The BMJ Today: The FDA, drug addicts, and standing with junior doctors

fda_approved• The FDA’s new clothes
Two new research papers (here and here) and a linked editorial take a detailed look at the FDA’s regulatory process. They present concerns that the FDA has prioritised expedited approvals at the expense of adequately assessing whether new drugs are more effective than existing products or whether they are safe. The editorial calls for a new way of doing things: “The United States and other countries need an alternative paradigm—one in which research focuses on better medicines for patients rather than for profits, where clinical trials with low risk of bias look for real benefits and faithfully reports harms.”

whatyourpatientisthinking• If you only have a few minutes with a drug addict
The latest article in the “What Your Patient Is Thinking” series is now online. S D Williams is currently completing a recovery programme at a drug and alcohol rehabilitation centre. He shares his personal experience of opiate addiction, describing his encounters with doctors and the care that made a difference.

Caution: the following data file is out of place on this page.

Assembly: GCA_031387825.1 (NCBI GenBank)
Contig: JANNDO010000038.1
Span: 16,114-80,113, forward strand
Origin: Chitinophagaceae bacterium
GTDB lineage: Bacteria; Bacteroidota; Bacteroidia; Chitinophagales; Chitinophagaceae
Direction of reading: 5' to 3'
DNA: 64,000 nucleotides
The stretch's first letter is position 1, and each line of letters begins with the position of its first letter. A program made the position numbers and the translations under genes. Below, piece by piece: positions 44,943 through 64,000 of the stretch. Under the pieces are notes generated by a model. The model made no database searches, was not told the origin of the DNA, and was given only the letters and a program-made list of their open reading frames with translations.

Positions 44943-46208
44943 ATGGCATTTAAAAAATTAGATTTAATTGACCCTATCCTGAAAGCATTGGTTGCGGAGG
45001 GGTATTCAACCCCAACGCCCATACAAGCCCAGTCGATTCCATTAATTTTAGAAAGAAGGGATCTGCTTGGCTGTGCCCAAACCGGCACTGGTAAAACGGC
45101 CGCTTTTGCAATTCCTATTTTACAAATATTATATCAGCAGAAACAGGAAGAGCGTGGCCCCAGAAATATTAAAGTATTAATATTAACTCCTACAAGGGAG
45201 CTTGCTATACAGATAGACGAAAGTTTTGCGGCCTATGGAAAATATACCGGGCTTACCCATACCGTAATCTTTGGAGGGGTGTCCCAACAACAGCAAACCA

medical_student• #imajuniordoctor: Junior doctors respond to the new junior doctor contract on social media

Response to the government’s plans to impose a new junior contract continues. There are concerns that the new contract will increase workload and reduce pay, which in turn will lower morale and compromise patient safety. Junior doctors have taken to social media to voice their opinion on the planned imposition, as Sarah Foster describes in her blog.

• Margaret McCartney: Stand with junior doctors
GP columnist Margaret McCartney adds her voice of support to junior doctors, warning that the effects will be felt across the NHS and urging consultants and GPs to stand together:

“We need patients and professionals to be on the same side for an evidence based revolution, or it’s NHS bust. For all these reasons, all senior NHS doctors should stand up for, and together with, their juniors.”

Navjoyt Ladher is a clinical editor, The BMJ.